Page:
The only real reason to think it won’t happen is if you believe that it can’t, and the entire point of Disney’s Marvel series and their reimagining of the Star Wars universe is clearly, “There’s nothing we can’t do.”
But there’s another, more salient reason the Star Wars/MCU mixer is inevitable, and it’s about the role that stories now play in contemporary culture.
What made the George Lucas Star Wars saga compelling to many was its participation in a mythic tradition. How Star Wars Conquered the Universe is a very good book if you’re interested in seeing this laid out in full, but the point is that the Star Wars films tell a particular story, conditioned in a particular time, culminating in a particular climax and resolution. To enter into this story is to exit your own context and lose yourself in a different world which simultaneously remains “other” and “same.” Humans behave like humans in Star Wars, but the objects of their fears, hopes, and loves are different. This is what all mythology does; it recasts our world in light of a different one.
Contemporary pop culture, especially in the superhero and fantasy genres, looks much different. The Disney/Marvel series, by far the most popular, most successful piece of pop culture in the last decade, is not a mythology in this sense. Its world is totally open, which means the hero’s journey isn’t a journey, but a mere persistence. Its characters look other worldly and have alien powers, but this is by accident; they are mostly reflections of the audience. Two major traits characterize the MCU and most other pop culture franchises: a relentless sense of juvenilia, and the use of technology to escape the natural constraints of storytelling. Absent from the vast majority of popular art is any sense that the hero’s journey might be a micro-narrative of something even more significant in our own universe; instead, these fictional worlds never end. They are rebooted, rewritten, and repurposed.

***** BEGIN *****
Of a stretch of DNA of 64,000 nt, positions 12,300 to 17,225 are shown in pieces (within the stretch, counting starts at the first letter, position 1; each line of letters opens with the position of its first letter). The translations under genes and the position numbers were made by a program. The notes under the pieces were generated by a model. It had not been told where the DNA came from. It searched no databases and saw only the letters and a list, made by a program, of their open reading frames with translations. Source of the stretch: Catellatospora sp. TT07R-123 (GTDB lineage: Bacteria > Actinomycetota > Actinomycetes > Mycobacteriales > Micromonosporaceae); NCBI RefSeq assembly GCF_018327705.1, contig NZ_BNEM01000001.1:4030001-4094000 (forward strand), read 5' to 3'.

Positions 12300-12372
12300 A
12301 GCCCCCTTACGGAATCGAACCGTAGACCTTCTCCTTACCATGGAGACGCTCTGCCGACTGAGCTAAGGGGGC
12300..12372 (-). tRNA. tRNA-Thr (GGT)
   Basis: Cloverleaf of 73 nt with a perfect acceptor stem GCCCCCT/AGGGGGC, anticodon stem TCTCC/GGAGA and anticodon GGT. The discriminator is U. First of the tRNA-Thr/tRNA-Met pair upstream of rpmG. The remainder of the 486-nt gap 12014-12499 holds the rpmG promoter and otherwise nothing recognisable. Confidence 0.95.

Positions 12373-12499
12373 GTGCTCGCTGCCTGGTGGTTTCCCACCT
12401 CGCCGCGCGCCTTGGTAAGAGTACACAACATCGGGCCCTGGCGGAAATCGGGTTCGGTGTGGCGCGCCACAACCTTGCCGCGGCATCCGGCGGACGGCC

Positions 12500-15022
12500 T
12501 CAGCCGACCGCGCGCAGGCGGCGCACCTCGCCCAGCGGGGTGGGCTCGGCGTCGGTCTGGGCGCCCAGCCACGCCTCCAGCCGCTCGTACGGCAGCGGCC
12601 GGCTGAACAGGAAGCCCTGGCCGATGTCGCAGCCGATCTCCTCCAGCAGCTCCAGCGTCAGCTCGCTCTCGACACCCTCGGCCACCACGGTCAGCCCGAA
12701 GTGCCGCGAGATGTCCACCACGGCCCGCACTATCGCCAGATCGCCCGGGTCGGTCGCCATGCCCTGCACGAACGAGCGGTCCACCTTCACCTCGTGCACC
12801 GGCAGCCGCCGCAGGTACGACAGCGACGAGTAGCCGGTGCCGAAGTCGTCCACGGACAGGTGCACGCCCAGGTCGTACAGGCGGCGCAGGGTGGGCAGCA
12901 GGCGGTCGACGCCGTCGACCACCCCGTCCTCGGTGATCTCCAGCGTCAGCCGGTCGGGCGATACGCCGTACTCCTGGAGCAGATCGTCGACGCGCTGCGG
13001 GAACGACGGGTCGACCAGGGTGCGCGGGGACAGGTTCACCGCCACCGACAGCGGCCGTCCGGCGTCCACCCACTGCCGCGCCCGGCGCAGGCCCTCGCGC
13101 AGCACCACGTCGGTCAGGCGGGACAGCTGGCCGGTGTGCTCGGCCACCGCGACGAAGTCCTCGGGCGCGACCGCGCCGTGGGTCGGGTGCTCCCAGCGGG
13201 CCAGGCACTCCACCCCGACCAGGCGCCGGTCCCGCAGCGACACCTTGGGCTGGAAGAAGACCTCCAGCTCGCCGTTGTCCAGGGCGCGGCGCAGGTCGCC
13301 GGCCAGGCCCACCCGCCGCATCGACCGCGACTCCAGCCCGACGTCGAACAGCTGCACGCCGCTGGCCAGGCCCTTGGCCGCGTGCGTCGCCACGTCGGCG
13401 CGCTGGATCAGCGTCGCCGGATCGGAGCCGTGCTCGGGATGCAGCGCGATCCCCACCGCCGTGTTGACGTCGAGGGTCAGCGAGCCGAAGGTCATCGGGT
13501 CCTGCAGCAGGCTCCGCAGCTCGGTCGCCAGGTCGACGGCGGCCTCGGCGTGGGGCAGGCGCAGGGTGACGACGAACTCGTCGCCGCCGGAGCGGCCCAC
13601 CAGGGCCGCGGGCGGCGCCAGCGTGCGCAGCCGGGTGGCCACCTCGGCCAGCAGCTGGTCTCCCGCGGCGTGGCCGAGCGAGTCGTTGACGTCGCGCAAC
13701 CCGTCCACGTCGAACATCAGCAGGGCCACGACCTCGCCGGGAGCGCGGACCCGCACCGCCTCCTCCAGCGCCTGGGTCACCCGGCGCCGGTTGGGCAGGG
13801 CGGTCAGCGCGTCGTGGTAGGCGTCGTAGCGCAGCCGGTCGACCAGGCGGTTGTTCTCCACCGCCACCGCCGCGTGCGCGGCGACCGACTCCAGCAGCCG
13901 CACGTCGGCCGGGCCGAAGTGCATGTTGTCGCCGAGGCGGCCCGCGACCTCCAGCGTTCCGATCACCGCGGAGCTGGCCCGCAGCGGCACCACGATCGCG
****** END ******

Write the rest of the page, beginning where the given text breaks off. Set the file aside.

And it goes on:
This is what’s currently happening to the Harry Potter saga. The original seven HP novels are masterworks of pop mythology, and the final book in particular beautifully ties together the story with Christian eschatological meaning. I suppose J.K. Rowling is courageous for believing that women are women, but I wish she would have remembered that stories are stories, and that her endless tinkering with the Potter mythos damage the imaginative wonder of the tale.
Thus, the Star Wars/Marvel crossover will be Disney’s summa theologica, a manifesto that reflects our generation’s forcible end to myth building and desire for films and TV shows and books that merely distract us forever. Star Wars’s appearance in the Marvel universe (rest assured it won’t be vice versa) will be accepted by the vast majority of audiences because they won’t have expected anything different from their stories. The only people who will seriously object to such an alchemy will be people who think the Star Wars series has a particular tale to tell, a tale that inherits its significance from a wider spiritual tradition. Those who see no such tradition will not see its significance, and thus, will not see what Star Wars has to say that it can’t say in the MCU.
Don’t be fooled. The revolution is more “family-friendly” than you think.